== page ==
Receiving God’s Word, Part One

Oikia Ministries of Biblical Theology
Oikia Ministries of Biblical Theology

Revelation & Inspiration

God has communicated to man in various manners throughout history.  To some, such as Joseph the son of Jacob, and Joseph the husband of Mary, He spoke in dreams.  To Adam and Moses, He spoke as though face-to-face.  To the nation of Israel, He spoke through the prophets.  And alas, He spoke to the world through His Son, the Lord Jesus, the Christ, whom the world crucified.

God’s direct communication to the various men and women in history is called divine revelation.  He chose certain individuals for this blessing.  Most of humanity, believer and non-believer alike, will never experience revelation.

While revelation is solely the activity of God, through which He directly reveals truth to man, inspiration involves man in an active sense.  By inspiration the prophets passed on to others what they had received from God. (Norman Geisler, and William Nix.  A General Introduction to the Bible, Chicago: Moody Press 1968, p. 30.)  Today, we call their works the Bible or Holy Scripture.  Through this medium the inspired, recorded Words of God indirectly speak to all of us.

Transmission of the Message

When these chosen men received God’s revelation, there were no copy machines or printing presses.  Men called scribes copied the original and subsequent manuscripts.  It was their job to transcribe these documents with accuracy.  This methodic and tedious process was carried on for almost three thousand years with the Old Testament and over sixteen hundred years with the New Testament.  During this time relatively few variant readings ensued, and when they did they were remarkably harmless: a word doubled appearing twice in a row, a variant spelling, Jesus versus Messiah, etc.

Such longevity of literature is without precedent in history.  Even with the advent of modern technology the accuracy of Scripture remains an accomplishment without equal.  It has been observed that more variant readings exist in Shakespeare’s documents than in the thousands of ancient biblical transcripts.  This is a feat made possible only by God’s providential care.

Yet, the eminent Greek scholar and textual critic, Dr. Hort, calculated that substantial variations, among the some 5,300 partial or compete extant New Testament Greek manuscripts, were so rare that only one word in a thousand summoned a critic’s attention.  Rather than alarming, there is something very reassuring about the textual variations (or the comparative lack of them), in these many manuscripts.  Furthermore, if we simply neglected to read all the variant passages, the Gospel message would not be affected, nor would any doctrine of our theology.  For us to squabble over benign variant passages is unwarranted and unwise.  To do so over subsequent translations into a second language is even more imprudent.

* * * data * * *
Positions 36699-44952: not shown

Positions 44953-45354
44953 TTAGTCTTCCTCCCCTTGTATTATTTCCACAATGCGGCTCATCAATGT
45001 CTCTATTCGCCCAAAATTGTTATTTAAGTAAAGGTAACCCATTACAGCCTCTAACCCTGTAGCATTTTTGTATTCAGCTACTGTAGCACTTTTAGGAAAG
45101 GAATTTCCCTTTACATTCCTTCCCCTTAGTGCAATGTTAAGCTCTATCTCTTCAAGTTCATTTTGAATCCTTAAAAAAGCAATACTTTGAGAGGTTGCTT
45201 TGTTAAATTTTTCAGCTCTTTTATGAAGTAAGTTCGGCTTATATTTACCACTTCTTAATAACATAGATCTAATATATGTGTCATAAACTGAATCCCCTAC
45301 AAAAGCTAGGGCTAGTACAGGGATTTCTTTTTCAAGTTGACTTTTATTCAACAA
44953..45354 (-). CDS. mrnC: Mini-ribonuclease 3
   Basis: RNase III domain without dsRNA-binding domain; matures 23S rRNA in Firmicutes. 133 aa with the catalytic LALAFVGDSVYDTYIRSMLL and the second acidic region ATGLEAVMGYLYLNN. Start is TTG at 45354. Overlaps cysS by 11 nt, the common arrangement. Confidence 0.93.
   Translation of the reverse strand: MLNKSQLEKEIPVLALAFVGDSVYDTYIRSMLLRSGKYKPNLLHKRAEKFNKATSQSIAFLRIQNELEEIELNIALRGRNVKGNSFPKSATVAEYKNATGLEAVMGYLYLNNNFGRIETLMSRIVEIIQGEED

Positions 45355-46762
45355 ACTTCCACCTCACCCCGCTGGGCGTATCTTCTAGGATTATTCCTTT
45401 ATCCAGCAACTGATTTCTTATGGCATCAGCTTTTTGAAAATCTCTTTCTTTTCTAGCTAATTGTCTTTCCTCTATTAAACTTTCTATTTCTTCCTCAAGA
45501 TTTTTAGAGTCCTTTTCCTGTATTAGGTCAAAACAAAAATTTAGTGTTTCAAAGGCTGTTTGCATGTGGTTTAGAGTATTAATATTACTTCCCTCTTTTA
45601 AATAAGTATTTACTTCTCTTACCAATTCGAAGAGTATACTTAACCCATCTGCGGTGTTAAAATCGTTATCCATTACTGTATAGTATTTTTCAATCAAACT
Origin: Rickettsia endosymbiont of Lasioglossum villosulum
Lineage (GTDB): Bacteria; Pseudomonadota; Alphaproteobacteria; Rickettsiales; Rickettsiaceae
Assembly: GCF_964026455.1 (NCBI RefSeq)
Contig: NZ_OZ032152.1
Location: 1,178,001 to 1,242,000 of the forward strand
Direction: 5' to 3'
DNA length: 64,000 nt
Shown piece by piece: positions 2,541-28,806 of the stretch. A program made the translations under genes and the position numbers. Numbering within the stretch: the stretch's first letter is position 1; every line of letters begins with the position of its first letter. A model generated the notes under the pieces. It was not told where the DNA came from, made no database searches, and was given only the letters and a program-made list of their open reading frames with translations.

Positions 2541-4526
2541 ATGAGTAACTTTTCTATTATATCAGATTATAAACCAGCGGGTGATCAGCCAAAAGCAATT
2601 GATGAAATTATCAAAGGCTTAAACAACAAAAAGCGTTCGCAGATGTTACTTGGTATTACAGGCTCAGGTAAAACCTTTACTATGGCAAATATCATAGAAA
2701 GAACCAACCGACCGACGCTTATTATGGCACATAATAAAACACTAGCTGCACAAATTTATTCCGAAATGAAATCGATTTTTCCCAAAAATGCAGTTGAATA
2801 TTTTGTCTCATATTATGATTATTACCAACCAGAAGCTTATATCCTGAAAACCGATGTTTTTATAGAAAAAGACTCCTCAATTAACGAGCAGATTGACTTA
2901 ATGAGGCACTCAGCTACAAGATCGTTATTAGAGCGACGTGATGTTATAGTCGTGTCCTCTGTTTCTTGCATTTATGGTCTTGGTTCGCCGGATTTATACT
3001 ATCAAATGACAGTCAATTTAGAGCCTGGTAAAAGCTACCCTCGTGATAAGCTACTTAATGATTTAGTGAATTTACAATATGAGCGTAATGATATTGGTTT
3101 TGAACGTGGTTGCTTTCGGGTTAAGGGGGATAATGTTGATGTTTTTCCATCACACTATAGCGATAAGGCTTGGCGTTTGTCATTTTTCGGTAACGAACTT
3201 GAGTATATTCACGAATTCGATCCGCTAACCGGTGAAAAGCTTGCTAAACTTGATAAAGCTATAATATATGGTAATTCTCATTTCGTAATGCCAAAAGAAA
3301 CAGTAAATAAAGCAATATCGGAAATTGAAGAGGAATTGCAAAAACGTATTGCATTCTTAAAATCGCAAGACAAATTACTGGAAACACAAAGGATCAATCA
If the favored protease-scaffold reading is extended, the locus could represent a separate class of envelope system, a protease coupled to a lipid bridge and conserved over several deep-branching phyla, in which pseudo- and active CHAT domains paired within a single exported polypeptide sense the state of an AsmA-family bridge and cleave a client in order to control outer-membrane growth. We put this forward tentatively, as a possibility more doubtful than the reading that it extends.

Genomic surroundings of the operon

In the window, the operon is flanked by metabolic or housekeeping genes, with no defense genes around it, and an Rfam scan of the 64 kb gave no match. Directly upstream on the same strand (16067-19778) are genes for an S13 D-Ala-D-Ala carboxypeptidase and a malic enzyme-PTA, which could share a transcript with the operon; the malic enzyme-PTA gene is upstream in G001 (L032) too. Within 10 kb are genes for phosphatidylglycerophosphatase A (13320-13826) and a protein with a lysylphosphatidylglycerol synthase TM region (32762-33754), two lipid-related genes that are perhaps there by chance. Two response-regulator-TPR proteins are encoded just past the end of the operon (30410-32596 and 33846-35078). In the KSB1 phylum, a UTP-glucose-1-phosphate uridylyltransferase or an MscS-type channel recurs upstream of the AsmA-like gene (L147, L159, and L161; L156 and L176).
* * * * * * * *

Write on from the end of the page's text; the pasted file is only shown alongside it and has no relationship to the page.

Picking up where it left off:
To Determine the Author’s Intent - The Theologian's Approach Desmond Paul Allen, PhD, MDiv
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Desmond Allen

I have many interests, which I pursue (or have pursued) with relentless persistence. Once a particular interest latches onto me I am obsessed with it until mastery is achieved; or my near mastery is overwhelmed by sudden disinterest. In either case the fixation subsides, the mania is abandoned, and I pursue the next. Although this personality defect can be quite frustrating it has also yielded some insignificant accomplishments. A series of oil paintings and charcoal drawings that won blue, red, and white ribbons at a county fair -- a very small county -- I have not painted since. A shoot-off in a state championship trap shoot; I have not shot since. Mastery of the nunchakus -- which was mandated before my Kung-fu instructor would teach me the staff. I have not practiced them since. A teacher’s certificate with the Billiard Congress of America; I stopped playing the very week I received the certificate. A private pilot’s license; I don’t fly anymore. Two trivial literary awards and numerous articles published in obscure journals. Several poorly promoted books on various topics, as well as many songs in different genres from country to light rock, and blues to hymns. Multiple graduate degrees -- most of which I do not use. A few successful small businesses with which I’ve eked out a meager living, and other conquests hardly worth mentioning such as: many trips crisscrossing the continent with visits to Canada, Mexico and 46 of the lower 48 states; a onetime only, two-over-par on a rather difficult nine-hole golf course (of course, I don’t golf anymore); a two time Babe Ruth all-star -- and since you have not heard of me in the majors, it is safe to assume I do not play baseball any longer. For the last few years I have been obsessed with chess; which has resulted in an as yet unpublished book on chess theory. I am very anxious for this mania to cease. However, amidst the many fleeting passions, certain interests have retained their lure; demanding as much attention now as did their initial obsessions. Regardless of the intensity of my pursuit their mastery remains elusive, with something new and challenging forever emerging; thus, the inevitable languor never manifests. Theology, music, and my marriage are as intriguing today as they were nearly four decades ago when I met each of them in my teens. My Christian theology, like a compass, continues to influence my life’s decisions. My musical ability and creativity (negating the vocals), continue to grow. And my enchanted marriage is nothing short of a blessing from God; from which appeared three beautiful daughters who, fortunately, have grown to be more like their mother than me.

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